‘And you’ll be her son. Sit down! I am right glad to see you. To think of your being Margaret’s son! Why, she was almost a child not so long ago. Well, to be sure, it is five-and-twenty years ago. And what brings you into these parts?’

She sate down herself, as if oppressed by her curiosity as to all the five-and-twenty years that had passed by since she had seen my mother. Her daughter Phillis took up her knitting — a long grey worsted man’s stocking, I remember — and knitted away without looking at her work. I felt that the steady gaze of those deep grey eyes was upon me, though once, when I stealthily raised mine to hers, she was examining something on the wall above my head.

When I had answered all my cousin Holman’s questions, she heaved a long breath, and said, ‘To think of Margaret Moneypenny’s boy being in our house! I wish the minister was here. Phillis, in what field is thy father today?’

‘In the five-acre; they are beginning to cut the corn.’

‘He’ll not like being sent for, then, else I should have liked you to have seen the minister. But the five-acre is a good step off. You shall have a glass of wine and a bit of cake before you stir from this house, though. You’re bound to go, you say, or else the minister comes in mostly when the men have their four o’clock.’

‘I must go — I ought to have been off before now.’

‘Here, then, Phillis, take the keys.’ She gave her daughter some whispered directions, and Phillis left the room.

‘She is my cousin, is she not?’ I asked. I knew she was, but somehow I wanted to talk of her, and did not know how to begin.

‘Yes — Phillis Holman. She is our only child — now.’

Either from that ‘now’, or from a strange momentary wistfulness in her eyes, I knew that there had been more children, who were now dead.

‘How old is cousin Phillis?’ said I, scarcely venturing on the new name, it seemed too prettily familiar for me to call her by it; but cousin Holman took no notice of it, answering straight to the purpose.

‘Seventeen last May-day; but the minister does not like to hear me calling it May-day,’ said she, checking herself with a little awe. ‘Phillis was seventeen on the first day of May last,’ she repeated in an emended edition.

‘And I am nineteen in another month,’ thought I, to myself; I don’t know why. Then Phillis came in, carrying a tray with wine and cake upon it.

‘We keep a house-servant,’ said cousin Holman, ‘but it is churning day, and she is busy.’ It was meant as a little proud apology for her daughter’s being the handmaiden.

‘I like doing it, mother,’ said Phillis, in her grave, full voice.

I felt as if I were somebody in the Old Testament — who, I could not recollect — being served and waited upon by the daughter of the host. Was I like Abraham’s servant, when Rebekah gave him to drink at the well? I thought Isaac had not gone the pleasantest way to work in winning him a wife. But Phillis never thought about such things. She was a stately, gracious young woman, in the dress and with the simplicity of a child.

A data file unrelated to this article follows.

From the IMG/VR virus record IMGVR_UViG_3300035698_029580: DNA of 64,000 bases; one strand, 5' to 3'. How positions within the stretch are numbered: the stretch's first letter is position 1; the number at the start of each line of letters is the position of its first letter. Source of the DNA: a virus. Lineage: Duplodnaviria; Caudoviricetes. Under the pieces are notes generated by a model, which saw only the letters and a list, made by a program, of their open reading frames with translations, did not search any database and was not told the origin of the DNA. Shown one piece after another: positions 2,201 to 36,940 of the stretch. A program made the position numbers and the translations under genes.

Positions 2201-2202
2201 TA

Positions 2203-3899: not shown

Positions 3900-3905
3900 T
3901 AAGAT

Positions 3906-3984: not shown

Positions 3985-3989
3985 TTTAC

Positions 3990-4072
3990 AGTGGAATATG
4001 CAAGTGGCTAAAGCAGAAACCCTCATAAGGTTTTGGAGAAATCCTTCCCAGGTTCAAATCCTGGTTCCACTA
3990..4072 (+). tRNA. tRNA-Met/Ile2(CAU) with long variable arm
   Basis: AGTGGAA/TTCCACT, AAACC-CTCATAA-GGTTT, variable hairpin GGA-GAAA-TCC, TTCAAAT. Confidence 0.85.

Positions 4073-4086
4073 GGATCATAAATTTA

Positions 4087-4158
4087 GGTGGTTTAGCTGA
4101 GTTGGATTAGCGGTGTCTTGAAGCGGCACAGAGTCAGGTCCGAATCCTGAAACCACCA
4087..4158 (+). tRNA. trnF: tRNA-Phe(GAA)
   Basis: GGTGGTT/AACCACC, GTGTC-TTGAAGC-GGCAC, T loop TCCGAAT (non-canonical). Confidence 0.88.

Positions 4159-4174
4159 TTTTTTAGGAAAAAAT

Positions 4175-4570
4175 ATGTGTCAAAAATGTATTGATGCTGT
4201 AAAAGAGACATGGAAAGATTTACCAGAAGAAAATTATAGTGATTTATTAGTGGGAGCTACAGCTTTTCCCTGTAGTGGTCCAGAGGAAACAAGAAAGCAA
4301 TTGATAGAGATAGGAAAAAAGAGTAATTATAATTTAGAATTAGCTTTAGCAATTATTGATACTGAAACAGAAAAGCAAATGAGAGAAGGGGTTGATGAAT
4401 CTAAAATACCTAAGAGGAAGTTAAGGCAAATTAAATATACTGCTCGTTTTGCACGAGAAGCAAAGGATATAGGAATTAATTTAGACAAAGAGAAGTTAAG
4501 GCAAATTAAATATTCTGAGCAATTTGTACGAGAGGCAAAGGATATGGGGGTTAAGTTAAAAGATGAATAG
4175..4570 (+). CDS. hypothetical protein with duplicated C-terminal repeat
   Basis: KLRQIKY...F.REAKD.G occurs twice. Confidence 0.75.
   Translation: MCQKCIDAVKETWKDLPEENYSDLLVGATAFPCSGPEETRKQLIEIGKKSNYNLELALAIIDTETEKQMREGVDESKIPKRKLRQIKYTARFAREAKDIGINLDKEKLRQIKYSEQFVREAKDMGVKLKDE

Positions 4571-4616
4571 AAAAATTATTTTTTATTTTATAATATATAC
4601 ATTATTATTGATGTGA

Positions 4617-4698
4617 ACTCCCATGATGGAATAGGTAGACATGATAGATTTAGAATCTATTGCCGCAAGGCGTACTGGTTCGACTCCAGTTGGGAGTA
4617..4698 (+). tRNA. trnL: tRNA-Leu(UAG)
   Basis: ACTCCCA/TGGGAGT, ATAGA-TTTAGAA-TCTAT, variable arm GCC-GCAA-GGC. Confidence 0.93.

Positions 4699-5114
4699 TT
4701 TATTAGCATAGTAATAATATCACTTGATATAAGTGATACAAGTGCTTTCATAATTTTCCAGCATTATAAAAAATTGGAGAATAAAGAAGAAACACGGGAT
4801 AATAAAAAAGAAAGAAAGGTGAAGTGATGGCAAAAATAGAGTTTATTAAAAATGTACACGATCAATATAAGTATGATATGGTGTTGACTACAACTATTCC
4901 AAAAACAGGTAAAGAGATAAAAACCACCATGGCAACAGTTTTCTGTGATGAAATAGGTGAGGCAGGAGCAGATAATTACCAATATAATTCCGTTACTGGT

As I had been taught, I drank to the health of my newfound cousin and her husband; and then I ventured to name my cousin Phillis with a little bow of my head towards her; but I was too awkward to look and see how she took my compliment. ‘I must go now,’ said I, rising.

Neither of the women had thought of sharing in the wine; cousin Holman had broken a bit of cake for form’s sake.

‘I wish the minister had been within,’ said his wife, rising too. Secretly I was very glad he was not. I did not take kindly to ministers in those days, and I thought he must be a particular kind of man, by his objecting to the term May-day. But before I went, cousin Holman made me promise that I would come back on the Saturday following and spend Sunday with them; when I should see something of ‘the minister’.

‘Come on Friday, if you can,’ were her last words as she stood at the curate-door, shading her eyes from the sinking sun with her hand. Inside the house sate cousin Phillis, her golden hair, her dazzling complexion, lighting up the corner of the vine-shadowed room. She had not risen when I bade her good-by; she had looked at me straight as she said her tranquil words of farewell.

I found Mr Holdsworth down at the line, hard at work superintending. As Soon as he had a pause, he said, ‘Well, Manning, what are the new cousins like? How do preaching and farming seem to get on together? If the minister turns out to be practical as well as reverend, I shall begin to respect him.’

But he hardly attended to my answer, he was so much more occupied with directing his work-people. Indeed, my answer did not come very readily; and the most distinct part of it was the mention of the invitation that had been given me.

‘Oh, of course you can go — and on Friday, too, if you like; there is no reason why not this week; and you’ve done a long spell of work this time, old fellow.’ I thought that I did not want to go on Friday; but when the day came, I found that I should prefer going to staying away, so I availed myself of Mr Holdsworth’s permission, and went over to Hope Farm some time in the afternoon, a little later than my last visit. I found the ‘curate’ open to admit the soft September air, so tempered by the warmth of the sun, that it was warmer out of doors than in, although the wooden log lay smouldering in front of a heap of hot ashes on the hearth. The vine-leaves over the window had a tinge more yellow, their edges were here and there scorched and browned; there was no ironing about, and cousin Holman sate just outside the house, mending a shirt. Phillis was at her knitting indoors: it seemed as if she had been at it all the week. The manyspeckled fowls were pecking about in the farmyard beyond, and the milk-cans glittered with brightness, hung out to sweeten. The court was so full of flowers that they crept out upon the low-covered wall and horse-mount, and were even to be found self-sown upon the turf that bordered the path to the back of the house. I fancied that my Sunday coat was scented for days afterwards by the bushes of sweetbriar and the fraxinella that perfumed the air. From time to time cousin Holman put her hand into a covered basket at her feet, and threw handsful of corn down for the pigeons that cooed and fluttered in the air around, in expectation of this treat.